I really, really loved Emily. Seriously, you guys have no idea how much I love her. She’s just like me if I’m being honest. Super shy and kind of awkward. Unable to easily make friends. Paralyzed but doing things outside of her comfort zone. Where was this book when I was teenager to help me discover myself? I’m a little biased I realized. Emily did get on my nerves sometimes like her indecisiveness and another bit that I won’t spoil because it’s a big part of the book.

But still, even at 22, I find the message this book sends great and helpful. I found myself thinking if Emily can go outside her comfort zone so can I.
Sloane reminds me of a friend I had in middle school and most of high school and it made me really reflect on that friendship as well. I love when books and characters make me think and challenge my views and this book definitely did that. I found myself hating Sloane in some parts and loving her in others.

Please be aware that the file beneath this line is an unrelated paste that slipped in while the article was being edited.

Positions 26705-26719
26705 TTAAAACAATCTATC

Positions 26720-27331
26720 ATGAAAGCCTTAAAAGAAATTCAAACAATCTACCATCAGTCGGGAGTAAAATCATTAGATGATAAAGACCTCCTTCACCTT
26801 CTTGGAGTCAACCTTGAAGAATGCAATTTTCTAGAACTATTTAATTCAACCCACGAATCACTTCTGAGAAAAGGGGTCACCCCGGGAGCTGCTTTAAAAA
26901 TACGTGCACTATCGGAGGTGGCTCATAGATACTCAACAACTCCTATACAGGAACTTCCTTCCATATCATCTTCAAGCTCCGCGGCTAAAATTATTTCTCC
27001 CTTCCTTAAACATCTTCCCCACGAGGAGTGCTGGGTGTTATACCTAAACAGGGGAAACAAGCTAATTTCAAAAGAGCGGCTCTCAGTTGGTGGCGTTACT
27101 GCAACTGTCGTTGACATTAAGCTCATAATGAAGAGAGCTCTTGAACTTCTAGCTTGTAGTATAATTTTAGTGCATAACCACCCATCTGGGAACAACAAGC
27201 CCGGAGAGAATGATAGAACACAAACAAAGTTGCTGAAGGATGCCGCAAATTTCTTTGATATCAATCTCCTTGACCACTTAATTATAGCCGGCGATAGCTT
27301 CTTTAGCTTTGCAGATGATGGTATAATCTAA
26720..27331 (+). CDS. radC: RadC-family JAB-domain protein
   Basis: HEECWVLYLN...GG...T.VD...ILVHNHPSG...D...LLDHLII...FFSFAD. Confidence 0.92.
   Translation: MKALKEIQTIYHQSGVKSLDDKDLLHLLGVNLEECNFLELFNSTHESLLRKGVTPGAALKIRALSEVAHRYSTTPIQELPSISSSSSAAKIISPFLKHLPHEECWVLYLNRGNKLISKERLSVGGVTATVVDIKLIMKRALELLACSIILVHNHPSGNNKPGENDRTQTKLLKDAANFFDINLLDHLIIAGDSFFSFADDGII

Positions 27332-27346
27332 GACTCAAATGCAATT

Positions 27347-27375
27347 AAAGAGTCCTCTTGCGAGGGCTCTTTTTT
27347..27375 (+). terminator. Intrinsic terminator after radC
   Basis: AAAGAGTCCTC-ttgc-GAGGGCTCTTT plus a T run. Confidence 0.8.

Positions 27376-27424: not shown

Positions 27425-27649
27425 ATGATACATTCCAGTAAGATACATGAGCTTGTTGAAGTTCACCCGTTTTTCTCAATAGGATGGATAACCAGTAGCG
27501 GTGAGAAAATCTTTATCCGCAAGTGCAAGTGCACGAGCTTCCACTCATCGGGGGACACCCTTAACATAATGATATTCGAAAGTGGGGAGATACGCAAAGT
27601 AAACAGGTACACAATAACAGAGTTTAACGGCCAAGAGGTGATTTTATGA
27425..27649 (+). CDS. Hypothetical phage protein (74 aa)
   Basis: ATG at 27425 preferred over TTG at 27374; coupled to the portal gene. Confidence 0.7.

The friend group Emily falls in with is pretty great as well. I love how the relationships feel like the happen organically. They aren’t forced and I can see most of them occurring in real life. It was very fulfilling to read.

This is the best contemporary novel I’ve read in a while and it’s definitely making me rethink my choice to not read Second Chance Summer.

Fantasy, romance, young adult

Book Review: Days of Blood and Starlight by Laini Taylor

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Title: Days of Blood and Starlight
Author: Laini Taylor
Publisher: Little, Brown Books for Young Readers
Length: 528 Pages, Hardback
Genre: Fantasy, Young Adult, Romance
Rating: 3.5 Folded Pages

See my review of the first book, Daughter of Smoke and Bone, here.
Warning: Possible spoilers for book 1 in the series.

Blurb:
Once upon a time, an angel and a devil fell in love and dared to imagine a world free of bloodshed and war.

This is not that world.